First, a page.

Rumour File: How does glass spontaneously explode?
On the Rumour File this morning, 3AW Breakfast heard about a glass table spontaneously exploding last night.
Cushla Travers’ was waiting for the fire brigade to arrive at her house for an unrelated incident, when she heard a “massive bang.”
Her glass coffee table, which had nothing on it, had shattered.
3AW Breakfast received several calls from others who’ve also had glass objects, including a shower screen, a bowl, and an outdoor table, shatter spontaneously.
Simon Ross, from Eureka Glass, explained how it happens.
When glass is made it goes through a chemical change, which produces nickel sulfide. Nickel sulfide can produce crystals in glass which grow over time.
“It could take up to seven years until those crystals were big enough to trigger the glass to break,” Mr Ross told 3AW’s Kate and Quarters.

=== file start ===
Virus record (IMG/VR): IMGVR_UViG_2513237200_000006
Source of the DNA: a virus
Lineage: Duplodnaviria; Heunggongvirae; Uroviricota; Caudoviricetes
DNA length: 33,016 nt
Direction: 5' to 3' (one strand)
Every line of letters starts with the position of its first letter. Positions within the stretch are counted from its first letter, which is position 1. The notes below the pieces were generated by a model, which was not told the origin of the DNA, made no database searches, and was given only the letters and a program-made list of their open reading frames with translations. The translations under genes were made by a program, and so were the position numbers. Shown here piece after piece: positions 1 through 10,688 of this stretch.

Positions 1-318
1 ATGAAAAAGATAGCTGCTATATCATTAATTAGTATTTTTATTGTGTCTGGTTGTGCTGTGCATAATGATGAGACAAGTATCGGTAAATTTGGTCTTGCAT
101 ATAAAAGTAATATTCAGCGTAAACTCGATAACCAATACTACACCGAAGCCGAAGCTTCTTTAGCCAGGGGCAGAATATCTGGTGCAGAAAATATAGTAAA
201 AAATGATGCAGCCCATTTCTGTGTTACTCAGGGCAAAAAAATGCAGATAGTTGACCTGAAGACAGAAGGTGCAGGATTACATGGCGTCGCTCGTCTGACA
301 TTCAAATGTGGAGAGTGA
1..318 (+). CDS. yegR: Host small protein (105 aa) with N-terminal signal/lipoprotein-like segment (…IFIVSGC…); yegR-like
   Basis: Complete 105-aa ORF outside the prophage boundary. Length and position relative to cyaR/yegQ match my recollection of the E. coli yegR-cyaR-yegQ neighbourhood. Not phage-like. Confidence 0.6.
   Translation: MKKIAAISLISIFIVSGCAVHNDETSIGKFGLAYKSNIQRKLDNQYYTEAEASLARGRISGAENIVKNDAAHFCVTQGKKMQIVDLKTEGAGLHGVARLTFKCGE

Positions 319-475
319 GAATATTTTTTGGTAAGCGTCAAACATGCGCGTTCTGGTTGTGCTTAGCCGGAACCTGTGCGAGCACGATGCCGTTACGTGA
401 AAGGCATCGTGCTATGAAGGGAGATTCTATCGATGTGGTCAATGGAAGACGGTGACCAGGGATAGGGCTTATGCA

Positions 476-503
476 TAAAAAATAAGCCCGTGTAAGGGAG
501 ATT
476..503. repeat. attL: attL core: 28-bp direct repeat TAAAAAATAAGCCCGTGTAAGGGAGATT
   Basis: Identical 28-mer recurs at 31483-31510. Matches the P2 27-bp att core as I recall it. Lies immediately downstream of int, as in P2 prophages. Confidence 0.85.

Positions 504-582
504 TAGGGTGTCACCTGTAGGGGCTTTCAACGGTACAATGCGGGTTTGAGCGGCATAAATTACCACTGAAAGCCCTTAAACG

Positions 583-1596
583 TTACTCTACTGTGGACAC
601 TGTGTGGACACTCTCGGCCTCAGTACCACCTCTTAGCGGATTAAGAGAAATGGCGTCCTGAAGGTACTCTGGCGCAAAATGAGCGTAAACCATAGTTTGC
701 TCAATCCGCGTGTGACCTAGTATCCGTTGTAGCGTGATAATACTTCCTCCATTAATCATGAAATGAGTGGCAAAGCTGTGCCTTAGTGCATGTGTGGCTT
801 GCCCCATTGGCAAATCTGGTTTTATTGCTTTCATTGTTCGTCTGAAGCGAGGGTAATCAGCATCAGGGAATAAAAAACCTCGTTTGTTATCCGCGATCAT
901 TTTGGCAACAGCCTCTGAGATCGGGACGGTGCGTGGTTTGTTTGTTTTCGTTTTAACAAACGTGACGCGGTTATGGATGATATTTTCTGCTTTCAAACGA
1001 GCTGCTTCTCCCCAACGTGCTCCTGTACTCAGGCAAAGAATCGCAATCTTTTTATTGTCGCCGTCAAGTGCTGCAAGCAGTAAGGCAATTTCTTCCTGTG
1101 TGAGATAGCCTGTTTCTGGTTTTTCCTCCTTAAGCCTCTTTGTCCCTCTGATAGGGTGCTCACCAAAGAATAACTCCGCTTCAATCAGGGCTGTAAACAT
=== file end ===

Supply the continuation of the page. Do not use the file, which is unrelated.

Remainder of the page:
Another explanation is contamination of the glass.
Mr Ross said if old machinery is used for making glass, small pieces of the machine may end up in the glass.
“Little bits of metal can fall of the machine and drop into the glass,
“That can be at a microscopic level too,” he said.
“That can cause a bit of a defect in the glass over time.”
Press PLAY below to hear the full exploding glass story, and Simon Ross’ explanation about how it happens.